Government

Gala leaves Iowa Democrats enthused but undecided

For some, Sunday's event made their shortlist get longer

People help themselves to slices of pizza provided Sunday by Democratic presidential candidate Beto O’Rourke at the Iowa Democratic Party’s annual Hall of Fame celebration at the DoubleTree by Hilton Hotel Cedar Rapids Convention Complex. Candidates tried to woo supporters with free pizza, handshakes and autographs, but many Iowa Democrats left the Hall of Fame gathering of 19 candidates just as undecided as when they arrived. (Jim Slosiarek/The Gazette)
People help themselves to slices of pizza provided Sunday by Democratic presidential candidate Beto O’Rourke at the Iowa Democratic Party’s annual Hall of Fame celebration at the DoubleTree by Hilton Hotel Cedar Rapids Convention Complex. Candidates tried to woo supporters with free pizza, handshakes and autographs, but many Iowa Democrats left the Hall of Fame gathering of 19 candidates just as undecided as when they arrived. (Jim Slosiarek/The Gazette)

CEDAR RAPIDS — If there was a Sports Center Top 10 for the Iowa Democratic Party Hall of Fame Celebration, it probably wouldn’t include any home runs or strikeouts and few, if any, ejections, according to Democrats who were there this weekend to see, hear and evaluate 19 presidential hopefuls.

The progressives in the Democratic field seemed to be fan favorites. South Bend Mayor Pete Buttigieg, Massachusetts Sen. Elizabeth Warren, New Jersey Sen. Cory Booker and California Sen. Kamala Harris frequently were mentioned as people left the party fundraiser Sunday afternoon in downtown Cedar Rapids.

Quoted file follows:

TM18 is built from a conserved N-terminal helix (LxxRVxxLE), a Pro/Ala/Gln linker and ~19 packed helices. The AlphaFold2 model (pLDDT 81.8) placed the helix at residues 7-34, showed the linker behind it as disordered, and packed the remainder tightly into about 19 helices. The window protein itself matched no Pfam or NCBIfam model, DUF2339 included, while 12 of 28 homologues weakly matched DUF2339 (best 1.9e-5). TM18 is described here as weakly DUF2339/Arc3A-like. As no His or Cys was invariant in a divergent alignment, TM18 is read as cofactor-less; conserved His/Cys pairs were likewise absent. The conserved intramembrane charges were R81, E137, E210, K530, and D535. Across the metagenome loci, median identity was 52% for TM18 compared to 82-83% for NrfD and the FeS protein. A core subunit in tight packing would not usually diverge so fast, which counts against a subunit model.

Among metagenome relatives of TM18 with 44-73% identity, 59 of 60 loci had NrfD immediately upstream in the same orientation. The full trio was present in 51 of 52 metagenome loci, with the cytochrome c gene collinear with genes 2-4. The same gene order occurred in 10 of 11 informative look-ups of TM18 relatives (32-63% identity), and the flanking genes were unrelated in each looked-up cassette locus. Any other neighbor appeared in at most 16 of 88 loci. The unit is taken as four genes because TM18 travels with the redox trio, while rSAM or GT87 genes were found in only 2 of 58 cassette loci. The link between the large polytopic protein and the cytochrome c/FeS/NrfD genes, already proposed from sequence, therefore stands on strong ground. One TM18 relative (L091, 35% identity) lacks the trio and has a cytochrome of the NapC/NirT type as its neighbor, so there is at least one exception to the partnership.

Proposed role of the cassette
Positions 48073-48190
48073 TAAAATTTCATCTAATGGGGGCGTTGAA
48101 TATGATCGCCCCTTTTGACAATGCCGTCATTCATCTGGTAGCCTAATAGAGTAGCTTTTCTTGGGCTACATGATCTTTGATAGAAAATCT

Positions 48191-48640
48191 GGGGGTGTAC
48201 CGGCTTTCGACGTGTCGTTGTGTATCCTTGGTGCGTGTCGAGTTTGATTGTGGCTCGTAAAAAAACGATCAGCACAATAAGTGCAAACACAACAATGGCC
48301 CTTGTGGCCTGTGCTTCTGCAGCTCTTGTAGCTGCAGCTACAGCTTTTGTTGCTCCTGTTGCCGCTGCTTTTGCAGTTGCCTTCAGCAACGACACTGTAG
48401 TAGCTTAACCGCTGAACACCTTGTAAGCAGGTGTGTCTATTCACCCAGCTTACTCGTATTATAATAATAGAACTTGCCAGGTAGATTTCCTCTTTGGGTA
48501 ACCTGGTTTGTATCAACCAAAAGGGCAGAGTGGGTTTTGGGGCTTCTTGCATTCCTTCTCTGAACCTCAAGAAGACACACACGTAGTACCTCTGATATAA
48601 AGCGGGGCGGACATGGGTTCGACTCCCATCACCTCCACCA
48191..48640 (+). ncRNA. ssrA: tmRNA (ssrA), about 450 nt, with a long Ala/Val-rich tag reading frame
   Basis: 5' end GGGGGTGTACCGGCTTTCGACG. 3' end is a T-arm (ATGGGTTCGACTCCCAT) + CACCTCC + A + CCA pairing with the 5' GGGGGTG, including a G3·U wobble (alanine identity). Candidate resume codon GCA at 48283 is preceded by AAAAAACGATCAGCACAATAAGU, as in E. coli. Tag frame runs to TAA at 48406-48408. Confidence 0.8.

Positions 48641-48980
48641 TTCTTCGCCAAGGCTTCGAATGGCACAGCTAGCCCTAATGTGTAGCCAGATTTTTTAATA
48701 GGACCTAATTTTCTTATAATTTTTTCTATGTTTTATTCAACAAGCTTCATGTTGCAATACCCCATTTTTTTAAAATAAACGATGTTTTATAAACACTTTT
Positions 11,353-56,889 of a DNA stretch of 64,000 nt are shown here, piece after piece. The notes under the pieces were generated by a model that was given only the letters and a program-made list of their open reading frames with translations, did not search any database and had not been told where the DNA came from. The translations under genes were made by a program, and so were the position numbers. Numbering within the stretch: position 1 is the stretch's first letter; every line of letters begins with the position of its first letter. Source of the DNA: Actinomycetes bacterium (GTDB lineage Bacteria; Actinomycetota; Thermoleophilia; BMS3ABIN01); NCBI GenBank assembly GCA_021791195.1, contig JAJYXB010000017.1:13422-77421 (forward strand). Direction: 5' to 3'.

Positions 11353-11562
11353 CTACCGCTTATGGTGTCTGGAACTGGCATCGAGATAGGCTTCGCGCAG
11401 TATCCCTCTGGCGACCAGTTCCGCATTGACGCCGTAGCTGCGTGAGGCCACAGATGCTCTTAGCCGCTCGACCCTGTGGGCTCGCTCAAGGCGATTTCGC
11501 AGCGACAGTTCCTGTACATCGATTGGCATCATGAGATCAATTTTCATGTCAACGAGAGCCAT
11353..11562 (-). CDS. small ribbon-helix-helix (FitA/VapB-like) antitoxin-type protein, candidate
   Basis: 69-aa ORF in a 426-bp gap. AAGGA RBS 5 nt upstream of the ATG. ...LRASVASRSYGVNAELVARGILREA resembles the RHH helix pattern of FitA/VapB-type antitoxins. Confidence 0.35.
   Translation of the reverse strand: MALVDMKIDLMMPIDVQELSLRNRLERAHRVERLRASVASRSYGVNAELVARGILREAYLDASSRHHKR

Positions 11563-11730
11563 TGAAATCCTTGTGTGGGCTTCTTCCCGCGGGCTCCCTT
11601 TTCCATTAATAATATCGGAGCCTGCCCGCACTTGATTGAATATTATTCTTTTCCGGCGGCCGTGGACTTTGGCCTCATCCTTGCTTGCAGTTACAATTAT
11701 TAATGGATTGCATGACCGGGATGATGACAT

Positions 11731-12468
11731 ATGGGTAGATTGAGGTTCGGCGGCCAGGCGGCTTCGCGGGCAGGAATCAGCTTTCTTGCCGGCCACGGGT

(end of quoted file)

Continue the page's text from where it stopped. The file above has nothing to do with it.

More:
“I think I’m like most Democrats in Iowa that I had maybe three or four that I was listening for — that would be Kamala Harris, Pete Buttigieg, Elizabeth Warren, maybe a few others,” said Joelle Brown from Iowa City. “Nobody really surprised me because they all did as well as I expected.”

Nineteen Democratic presidential hopefuls are expected this afternoon at the sold-out Iowa Democratic Party Hall of Fame, starting at 2 p.m. at the DoubleTree by Hilton Hotel in downtown Cedar Rapids.

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John Ercig of Cedar Rapids went in looking for a candidate with strong progressive values — “Warren mostly. Also Mayor Pete. Pretty much those two.”

He wasn’t disappointed, saying they stood out among the others.

“And also Beto was actually pretty good for those of us that stuck around for the whole thing,” Ercig said about O’Rourke, the former Texas congressman who was the last speaker at nearly 5 p.m. Ercig also liked Hawaii Rep. Tulsi Gabbard, who like him is a military veteran.

If he was disappointed at all it was because “not really a lot of them hit on veteran issues at all.”

The diversity of opinions sounded familiar to Dave Nagle, who has been through a few caucus campaigns. He believes Iowa Democrats are, for the most part, undecided. Polls are showing former Vice President Joe Biden leading the field, followed by Vermont Sen. Bernie Sanders, Warren and Harris with most polling in single digits.

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“I think anybody that says it’s anything other than ‘it’s still early yet’ until November is pushing a pencil that won’t write,” the former Eastern Iowa congressman and Iowa Democratic Party chairman said.

Whatever commitments are being made “are more fluid. In other words, they’re subject to change,” Nagle said.